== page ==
"We have reason to suppose the roots of collective (ostinato, bourdon) singing are quite deep. Apparently, the aforesaid examples, where [there are] functional chords sound, have been influenced by homophonic polyphonic thinking. The oldness of bourdon singing tradition in Lithuania could be witnessed [demonstrated] by some other facts."
"There was recorded some examples of collective sutartines Buvo du–doj velnias (‘Was a devil in a Bagpipe’) in Švenèionys region (East Lithuania bordering with Byelorussia) which is famous for its preserved particularly old customs, traditions, dialect and folklore. According to a respondent, this sutartinë imitated music of a bagpipe (Raèiunaite.-Vyèiniene. 2000b: 98) and its strange text attracts our attention (Raèiunaite.-Vyèiniene. 2002a: 312; 2000b: 98; 2004: 20–21) (see ex. 8)."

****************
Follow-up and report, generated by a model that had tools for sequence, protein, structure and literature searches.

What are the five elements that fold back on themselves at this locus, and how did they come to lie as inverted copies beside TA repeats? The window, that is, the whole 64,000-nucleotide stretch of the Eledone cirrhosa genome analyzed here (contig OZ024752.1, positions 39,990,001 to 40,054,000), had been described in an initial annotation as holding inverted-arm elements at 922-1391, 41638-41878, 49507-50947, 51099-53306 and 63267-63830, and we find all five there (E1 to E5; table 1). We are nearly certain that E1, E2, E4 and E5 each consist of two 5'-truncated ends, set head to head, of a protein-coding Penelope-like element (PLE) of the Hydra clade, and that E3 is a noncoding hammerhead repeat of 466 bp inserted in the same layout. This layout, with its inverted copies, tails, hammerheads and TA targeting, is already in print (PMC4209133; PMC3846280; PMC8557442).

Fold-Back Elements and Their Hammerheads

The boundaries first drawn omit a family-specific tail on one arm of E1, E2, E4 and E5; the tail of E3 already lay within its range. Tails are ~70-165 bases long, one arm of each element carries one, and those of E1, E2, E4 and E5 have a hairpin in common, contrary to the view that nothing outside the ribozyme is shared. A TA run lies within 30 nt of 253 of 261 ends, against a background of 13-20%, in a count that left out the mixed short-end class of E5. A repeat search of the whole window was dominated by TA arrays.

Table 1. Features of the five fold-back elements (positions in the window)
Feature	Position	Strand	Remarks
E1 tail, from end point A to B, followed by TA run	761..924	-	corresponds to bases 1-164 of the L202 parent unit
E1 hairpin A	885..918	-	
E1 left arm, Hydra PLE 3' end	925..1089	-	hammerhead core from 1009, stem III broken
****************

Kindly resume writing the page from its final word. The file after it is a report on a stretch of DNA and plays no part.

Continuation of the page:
"In the usual variations of this type of sutartines there are texts about ‘a pipe in Vilnius’ or ‘uncle (old woman) in Vilnius’. Apparently, the connections of a bagpipe and a devil (or other unearthly being) are not casual. We are particularly interested in a bass part singing a continuous sound u–-u–-u– as if imitating a devil’s voice. It is worth remembering that once upon a time various nations considered a produced humming sound as an unearthly one, (by the way, it was unimportant how that sound had been made, i. e. by what instrument it was played) (Encyklopedia instrumentow muzycznych…; Klotin,š, Muktupavels 1989; Musikinstrumente der Welt…; Ole² dzki 1978; Sachs 1975; Ñóçóêåé, 1993, etc.) . It might be said, in the past any making of continuous low sounds or their monotonous repetition was conceived as somebody’s (more often as an unearthly being’s) buzzing, droning, murmuring."